Common Core is a series of standards for education that has been implemented in schools across the United States. The standards attempt to regulate what is taught in the classroom and set standards for what all American students in grades kindergarten through graduation learn. Indiana may become the first state to accept and then reject Common Core. I feel removing Common Core is a dangerous idea that will only be a detriment to Indiana students.
As a former educator, daughter of an educator and Hoosier student, the debate hits close to home. Many of the Common Core standards focus on improving mathematics skills as well as writing, reading and speaking. When I was in high school, I felt that the basics were often underscored by teachers who simply were phoning it in. One feature of Common Core is that it helps hold teachers accountable for when their students consistently under perform.
Another major problem in the Hoosier state is that Indiana students just don’t perform as well as those in other states. The Center for American Progress reports that on national exams, Hoosier students score between 35%-38% lower than the average. Indiana simply doesn’t understand how far behind they fall. Even high school graduation rates in Indiana are about 6% lower than the national average. These poor numbers were reached under past Indiana state standards, which many opponents of Common Core support.
Groups like Hoosiers Against Common Core in Indiana believe that Common Core won’t allow teachers the freedom to teach in ways they see fit, and also see national education standards as a way to remove state’s rights. When I was teaching, I would have welcomed clear cut standards and strategies to teach them. The former standards were confusing, unclear and often were “teaching to test,” rather than offer actual educational value. Guidelines will not limit how a teacher can teach, but show them what they should be teaching. You can come up with creative, adaptive and interesting ways to teach any material.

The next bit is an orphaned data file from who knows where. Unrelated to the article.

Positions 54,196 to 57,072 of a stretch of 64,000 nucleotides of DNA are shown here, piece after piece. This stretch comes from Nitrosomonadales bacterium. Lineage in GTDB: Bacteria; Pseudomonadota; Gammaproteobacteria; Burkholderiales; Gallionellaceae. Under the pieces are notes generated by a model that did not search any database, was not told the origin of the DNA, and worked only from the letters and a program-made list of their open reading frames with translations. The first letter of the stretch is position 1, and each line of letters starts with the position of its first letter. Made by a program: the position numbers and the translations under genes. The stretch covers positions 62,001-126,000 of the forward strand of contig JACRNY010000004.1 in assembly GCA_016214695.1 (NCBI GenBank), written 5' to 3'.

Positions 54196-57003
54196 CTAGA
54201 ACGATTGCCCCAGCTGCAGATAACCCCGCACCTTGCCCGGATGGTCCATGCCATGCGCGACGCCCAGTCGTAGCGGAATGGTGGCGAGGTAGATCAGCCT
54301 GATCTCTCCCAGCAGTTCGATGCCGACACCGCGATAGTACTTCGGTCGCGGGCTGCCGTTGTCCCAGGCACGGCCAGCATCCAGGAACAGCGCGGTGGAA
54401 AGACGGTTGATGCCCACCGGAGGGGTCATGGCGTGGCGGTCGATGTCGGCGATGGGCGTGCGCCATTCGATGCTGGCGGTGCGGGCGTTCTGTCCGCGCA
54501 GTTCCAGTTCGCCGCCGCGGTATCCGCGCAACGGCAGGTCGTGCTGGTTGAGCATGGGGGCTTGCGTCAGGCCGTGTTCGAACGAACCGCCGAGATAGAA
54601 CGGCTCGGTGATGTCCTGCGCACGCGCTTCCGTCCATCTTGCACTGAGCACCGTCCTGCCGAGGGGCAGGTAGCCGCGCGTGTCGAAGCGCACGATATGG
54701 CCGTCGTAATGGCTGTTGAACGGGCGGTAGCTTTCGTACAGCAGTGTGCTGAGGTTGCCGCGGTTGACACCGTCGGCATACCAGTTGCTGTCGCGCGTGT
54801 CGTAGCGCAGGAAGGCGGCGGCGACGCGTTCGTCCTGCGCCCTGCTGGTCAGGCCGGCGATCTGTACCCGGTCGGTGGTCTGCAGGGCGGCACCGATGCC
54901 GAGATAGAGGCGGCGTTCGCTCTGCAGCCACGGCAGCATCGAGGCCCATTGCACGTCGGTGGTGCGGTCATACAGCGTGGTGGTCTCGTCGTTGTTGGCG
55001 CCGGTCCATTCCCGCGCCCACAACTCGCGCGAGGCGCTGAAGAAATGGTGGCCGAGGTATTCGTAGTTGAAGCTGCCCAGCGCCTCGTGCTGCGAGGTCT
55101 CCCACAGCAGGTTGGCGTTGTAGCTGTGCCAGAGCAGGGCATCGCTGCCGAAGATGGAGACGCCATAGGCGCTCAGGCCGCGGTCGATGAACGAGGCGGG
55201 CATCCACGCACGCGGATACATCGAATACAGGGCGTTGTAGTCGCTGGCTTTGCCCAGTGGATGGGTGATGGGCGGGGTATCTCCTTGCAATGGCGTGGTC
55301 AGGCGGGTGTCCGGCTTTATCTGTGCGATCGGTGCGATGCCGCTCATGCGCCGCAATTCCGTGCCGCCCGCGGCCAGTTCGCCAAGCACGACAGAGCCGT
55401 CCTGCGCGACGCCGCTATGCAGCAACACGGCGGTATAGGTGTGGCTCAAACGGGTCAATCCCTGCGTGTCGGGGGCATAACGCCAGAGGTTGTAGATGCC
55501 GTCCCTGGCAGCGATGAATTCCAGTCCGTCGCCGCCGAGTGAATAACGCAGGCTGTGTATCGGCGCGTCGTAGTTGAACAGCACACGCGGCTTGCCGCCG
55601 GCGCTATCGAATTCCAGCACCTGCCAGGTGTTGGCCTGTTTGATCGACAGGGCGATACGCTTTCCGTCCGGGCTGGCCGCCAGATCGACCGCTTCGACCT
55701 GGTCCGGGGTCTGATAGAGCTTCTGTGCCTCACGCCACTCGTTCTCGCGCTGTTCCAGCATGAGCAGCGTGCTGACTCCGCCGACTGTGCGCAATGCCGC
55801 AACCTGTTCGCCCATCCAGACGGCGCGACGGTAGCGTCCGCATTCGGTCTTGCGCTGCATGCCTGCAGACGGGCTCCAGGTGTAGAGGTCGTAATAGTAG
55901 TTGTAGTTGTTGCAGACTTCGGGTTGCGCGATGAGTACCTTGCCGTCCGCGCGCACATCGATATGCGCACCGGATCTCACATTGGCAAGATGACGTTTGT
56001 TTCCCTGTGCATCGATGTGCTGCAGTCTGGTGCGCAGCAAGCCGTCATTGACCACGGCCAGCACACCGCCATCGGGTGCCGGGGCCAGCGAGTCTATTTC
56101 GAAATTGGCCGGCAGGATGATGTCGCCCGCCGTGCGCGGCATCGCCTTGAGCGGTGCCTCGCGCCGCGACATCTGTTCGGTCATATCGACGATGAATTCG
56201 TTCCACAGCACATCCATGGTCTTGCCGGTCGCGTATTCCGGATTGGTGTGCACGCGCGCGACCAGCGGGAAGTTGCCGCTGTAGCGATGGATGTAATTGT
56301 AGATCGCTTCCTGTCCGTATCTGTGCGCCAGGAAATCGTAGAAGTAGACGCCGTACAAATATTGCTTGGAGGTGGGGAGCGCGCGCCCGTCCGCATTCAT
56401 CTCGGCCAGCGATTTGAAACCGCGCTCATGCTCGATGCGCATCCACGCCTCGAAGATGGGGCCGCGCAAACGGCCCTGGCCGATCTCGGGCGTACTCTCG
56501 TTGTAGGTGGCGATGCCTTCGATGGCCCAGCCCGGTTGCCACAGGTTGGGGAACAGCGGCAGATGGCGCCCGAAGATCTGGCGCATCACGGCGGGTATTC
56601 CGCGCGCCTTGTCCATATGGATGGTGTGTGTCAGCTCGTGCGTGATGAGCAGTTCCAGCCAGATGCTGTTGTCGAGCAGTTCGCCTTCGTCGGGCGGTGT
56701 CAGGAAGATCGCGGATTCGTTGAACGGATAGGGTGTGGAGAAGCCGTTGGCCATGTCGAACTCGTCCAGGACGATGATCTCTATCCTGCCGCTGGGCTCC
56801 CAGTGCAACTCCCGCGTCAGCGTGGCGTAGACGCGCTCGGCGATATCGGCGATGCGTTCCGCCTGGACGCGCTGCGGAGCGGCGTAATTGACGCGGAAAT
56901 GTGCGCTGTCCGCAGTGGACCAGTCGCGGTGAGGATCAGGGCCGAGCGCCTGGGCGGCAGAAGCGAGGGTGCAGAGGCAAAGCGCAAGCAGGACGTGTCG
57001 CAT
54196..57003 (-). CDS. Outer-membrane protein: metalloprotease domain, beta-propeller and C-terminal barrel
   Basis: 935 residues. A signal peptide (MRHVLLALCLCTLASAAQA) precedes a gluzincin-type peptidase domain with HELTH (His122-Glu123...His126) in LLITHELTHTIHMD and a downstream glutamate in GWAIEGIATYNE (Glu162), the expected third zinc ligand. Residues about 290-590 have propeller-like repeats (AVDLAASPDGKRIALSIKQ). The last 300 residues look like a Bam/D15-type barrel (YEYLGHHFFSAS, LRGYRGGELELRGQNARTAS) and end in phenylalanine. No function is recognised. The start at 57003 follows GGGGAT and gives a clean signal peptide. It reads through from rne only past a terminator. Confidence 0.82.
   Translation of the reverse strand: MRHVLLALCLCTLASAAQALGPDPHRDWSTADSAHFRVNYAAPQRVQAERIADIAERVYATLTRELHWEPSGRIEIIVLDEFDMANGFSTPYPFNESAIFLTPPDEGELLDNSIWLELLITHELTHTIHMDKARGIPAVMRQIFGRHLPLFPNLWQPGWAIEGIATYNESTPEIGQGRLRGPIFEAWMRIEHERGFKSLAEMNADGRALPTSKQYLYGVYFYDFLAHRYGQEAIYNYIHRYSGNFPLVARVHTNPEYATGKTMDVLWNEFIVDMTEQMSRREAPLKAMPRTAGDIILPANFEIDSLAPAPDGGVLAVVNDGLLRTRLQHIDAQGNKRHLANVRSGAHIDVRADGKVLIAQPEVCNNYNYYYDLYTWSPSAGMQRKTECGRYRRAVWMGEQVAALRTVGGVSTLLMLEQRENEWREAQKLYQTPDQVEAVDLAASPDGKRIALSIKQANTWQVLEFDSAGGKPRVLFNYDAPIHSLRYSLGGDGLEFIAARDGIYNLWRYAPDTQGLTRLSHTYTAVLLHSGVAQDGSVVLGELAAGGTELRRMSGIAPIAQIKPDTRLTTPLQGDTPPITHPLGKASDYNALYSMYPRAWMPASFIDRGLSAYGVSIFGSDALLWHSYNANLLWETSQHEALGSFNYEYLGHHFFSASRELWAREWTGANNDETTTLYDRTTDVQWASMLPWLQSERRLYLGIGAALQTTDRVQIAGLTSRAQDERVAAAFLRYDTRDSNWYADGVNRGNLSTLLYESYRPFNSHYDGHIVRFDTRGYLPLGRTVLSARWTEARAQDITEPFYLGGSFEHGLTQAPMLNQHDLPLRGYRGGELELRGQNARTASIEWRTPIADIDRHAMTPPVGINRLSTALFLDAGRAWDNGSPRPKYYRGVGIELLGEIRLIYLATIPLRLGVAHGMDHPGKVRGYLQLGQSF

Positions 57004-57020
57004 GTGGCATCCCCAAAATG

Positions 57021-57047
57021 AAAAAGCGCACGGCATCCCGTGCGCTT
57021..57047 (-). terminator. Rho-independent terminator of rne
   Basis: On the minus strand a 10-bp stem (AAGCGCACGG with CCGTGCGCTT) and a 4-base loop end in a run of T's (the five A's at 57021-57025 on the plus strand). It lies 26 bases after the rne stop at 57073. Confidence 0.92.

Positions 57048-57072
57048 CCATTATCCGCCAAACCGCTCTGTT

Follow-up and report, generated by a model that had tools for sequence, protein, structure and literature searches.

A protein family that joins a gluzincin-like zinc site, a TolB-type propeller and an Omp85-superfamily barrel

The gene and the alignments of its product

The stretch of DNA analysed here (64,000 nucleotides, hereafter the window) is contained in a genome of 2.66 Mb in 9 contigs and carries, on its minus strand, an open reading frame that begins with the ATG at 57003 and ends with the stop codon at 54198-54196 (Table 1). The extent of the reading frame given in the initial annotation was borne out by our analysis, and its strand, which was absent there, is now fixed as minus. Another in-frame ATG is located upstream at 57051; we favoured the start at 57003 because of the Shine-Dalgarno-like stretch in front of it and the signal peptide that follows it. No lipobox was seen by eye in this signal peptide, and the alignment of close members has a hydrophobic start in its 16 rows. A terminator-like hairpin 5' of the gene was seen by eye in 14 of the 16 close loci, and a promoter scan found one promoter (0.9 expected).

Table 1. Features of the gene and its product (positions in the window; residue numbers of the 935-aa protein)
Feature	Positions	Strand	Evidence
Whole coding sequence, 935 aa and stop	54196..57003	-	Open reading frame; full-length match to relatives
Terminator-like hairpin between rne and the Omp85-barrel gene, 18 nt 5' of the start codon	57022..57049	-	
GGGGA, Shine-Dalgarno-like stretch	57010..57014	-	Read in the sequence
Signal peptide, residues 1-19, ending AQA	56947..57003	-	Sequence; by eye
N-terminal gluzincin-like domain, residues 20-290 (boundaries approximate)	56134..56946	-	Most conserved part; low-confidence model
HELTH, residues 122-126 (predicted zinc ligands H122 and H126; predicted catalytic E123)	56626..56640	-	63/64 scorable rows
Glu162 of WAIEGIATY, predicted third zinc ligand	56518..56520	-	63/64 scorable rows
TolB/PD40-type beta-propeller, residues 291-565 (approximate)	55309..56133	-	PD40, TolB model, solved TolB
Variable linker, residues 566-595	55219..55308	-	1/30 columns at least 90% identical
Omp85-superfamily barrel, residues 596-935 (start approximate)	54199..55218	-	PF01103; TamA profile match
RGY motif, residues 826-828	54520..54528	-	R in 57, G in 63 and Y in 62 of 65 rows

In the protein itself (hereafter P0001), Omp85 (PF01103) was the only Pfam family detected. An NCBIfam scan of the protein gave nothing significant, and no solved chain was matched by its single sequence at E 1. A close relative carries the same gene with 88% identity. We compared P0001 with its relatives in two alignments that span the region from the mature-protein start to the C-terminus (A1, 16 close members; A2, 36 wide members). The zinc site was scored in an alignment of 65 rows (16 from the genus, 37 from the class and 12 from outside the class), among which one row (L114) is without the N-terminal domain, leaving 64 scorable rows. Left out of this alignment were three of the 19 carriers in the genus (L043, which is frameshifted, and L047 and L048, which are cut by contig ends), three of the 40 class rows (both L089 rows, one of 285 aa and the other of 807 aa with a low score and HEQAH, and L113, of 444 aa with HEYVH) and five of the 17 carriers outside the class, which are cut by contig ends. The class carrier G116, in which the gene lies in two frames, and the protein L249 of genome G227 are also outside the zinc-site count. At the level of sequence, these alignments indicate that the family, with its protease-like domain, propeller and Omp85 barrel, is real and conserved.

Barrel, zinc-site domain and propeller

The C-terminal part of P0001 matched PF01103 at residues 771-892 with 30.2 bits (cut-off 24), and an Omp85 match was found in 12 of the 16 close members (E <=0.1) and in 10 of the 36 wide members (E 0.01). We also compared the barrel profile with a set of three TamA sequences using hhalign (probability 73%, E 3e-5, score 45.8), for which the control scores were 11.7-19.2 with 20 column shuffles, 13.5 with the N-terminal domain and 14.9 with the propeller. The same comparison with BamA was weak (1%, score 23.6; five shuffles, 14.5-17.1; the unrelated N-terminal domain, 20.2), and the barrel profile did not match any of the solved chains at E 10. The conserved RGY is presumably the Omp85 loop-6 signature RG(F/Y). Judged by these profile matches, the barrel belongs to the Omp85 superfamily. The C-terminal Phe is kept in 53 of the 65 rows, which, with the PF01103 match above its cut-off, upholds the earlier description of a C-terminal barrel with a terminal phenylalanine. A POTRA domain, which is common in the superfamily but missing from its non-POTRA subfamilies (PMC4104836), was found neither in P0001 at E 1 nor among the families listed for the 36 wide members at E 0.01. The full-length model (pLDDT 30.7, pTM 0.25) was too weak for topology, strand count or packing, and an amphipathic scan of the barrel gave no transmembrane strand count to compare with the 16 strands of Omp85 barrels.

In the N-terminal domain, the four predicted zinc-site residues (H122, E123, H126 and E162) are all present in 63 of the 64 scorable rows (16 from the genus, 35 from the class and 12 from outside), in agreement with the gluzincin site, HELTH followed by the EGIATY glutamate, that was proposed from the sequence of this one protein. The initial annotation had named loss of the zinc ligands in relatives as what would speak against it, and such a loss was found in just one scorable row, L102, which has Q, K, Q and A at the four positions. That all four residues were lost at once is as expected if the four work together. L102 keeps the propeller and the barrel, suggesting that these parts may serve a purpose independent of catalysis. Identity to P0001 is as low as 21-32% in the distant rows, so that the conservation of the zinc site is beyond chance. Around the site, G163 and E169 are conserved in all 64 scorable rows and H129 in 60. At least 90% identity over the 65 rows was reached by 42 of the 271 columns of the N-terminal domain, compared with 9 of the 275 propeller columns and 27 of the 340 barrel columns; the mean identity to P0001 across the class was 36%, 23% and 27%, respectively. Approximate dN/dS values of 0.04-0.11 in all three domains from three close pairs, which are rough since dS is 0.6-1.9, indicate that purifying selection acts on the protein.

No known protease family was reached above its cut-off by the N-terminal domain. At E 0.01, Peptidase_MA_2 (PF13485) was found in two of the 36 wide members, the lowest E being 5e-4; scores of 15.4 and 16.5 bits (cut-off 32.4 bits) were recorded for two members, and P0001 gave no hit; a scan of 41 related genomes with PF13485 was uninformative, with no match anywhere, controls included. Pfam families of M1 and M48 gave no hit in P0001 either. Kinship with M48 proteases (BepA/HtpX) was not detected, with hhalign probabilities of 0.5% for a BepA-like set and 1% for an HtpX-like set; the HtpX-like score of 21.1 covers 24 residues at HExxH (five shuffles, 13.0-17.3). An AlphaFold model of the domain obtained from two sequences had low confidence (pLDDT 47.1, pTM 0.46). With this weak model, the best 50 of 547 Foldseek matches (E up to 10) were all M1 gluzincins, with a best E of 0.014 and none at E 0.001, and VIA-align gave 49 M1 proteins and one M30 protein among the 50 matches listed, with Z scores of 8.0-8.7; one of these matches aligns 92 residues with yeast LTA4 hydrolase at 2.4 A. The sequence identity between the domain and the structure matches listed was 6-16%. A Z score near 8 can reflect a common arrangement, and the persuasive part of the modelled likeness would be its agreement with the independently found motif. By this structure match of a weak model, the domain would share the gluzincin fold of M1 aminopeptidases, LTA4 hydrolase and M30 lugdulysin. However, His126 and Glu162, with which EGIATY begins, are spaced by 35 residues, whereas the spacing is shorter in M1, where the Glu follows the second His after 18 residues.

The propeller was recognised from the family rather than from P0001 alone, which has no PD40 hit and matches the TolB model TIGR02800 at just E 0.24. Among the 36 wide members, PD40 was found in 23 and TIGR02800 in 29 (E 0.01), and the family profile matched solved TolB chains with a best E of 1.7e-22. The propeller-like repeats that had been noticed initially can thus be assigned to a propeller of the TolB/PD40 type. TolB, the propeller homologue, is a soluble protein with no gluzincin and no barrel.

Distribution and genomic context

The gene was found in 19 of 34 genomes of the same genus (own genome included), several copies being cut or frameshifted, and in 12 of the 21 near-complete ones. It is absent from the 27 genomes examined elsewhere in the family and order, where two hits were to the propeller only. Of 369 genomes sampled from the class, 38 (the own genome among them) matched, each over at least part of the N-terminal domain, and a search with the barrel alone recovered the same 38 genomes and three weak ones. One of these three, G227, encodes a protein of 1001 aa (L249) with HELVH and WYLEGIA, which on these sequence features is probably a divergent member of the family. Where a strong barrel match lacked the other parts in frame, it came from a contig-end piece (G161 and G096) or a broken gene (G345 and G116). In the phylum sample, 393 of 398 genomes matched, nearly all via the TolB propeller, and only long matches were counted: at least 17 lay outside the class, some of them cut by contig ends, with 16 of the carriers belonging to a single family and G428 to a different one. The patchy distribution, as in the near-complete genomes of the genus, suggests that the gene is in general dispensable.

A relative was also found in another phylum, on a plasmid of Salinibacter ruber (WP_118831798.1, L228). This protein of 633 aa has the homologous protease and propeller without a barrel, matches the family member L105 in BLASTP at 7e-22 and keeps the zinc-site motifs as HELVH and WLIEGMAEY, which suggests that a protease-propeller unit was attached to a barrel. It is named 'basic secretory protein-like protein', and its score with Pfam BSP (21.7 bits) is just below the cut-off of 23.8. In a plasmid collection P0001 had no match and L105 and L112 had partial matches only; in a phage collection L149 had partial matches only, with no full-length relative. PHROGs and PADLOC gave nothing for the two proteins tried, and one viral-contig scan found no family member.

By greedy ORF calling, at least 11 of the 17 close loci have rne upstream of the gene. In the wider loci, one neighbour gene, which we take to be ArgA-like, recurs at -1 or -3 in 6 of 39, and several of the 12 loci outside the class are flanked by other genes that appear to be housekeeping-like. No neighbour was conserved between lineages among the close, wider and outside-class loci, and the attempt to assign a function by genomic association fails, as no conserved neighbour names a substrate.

Other opponents in Indiana have argued that an emphasis on increased standardized testing is detrimental to students. The state already has ISTEP+, which has been used in Indiana since before I started kindergarten in the early 1990s. When I was teaching the past few school years, weeks were devoted ISTEP+ drilling rather than continuing to focus on new learning. Even as a teacher of an elective, I was encouraged to have my students write extensively to practice for the exam. Those who think the Common Core standardized test is somehow more time consuming or rigorous have not been teaching during ISTEP+ time.
Opponents also argue that old state standards were relatively sufficient as compared to Common Core. One of the most telling issues of Indiana’s past standards not being sufficient to teach students is that 2/3rds of all Indiana community college students need mathematics remediation. When I went to college,math courses that were difficult for me to complete were a breeze from my classmates from out of state. In fact, I was sent to remedial mathematics despite being an honors student in high school. I quickly came to understand that being an honors student from Indiana is not exactly a difficult feat compared to what other non-Hoosier students must complete.
I completely support Common Core, as I know I was let down by the Indiana education system when I was in school. I have many young family members in school, and want them to achieve their goals. When I was teaching, I saw even my brightest students struggling to learn information that could be taught in better ways using common core. Many of them weren’t capable of writing paragraphs that were coherent, and many others could barely do math. I want every Hoosier child to succeed in school and be taught in a way that they feel prepared and excited about learning.
Something needs to be done in Indiana, and Common Core has been trying to achieve that. It has not been able to be implemented at higher grade levels because of limitations set by legislators. Unfortunately, Common Core is being railroaded by politicians who neither understand the problems of Indiana education, nor care. I predict that unless the standards presented are unequivocally better than the old state standards, Indiana will continue to fall behind other states in education. Common Core, I believe, is the best option for Hoosier students.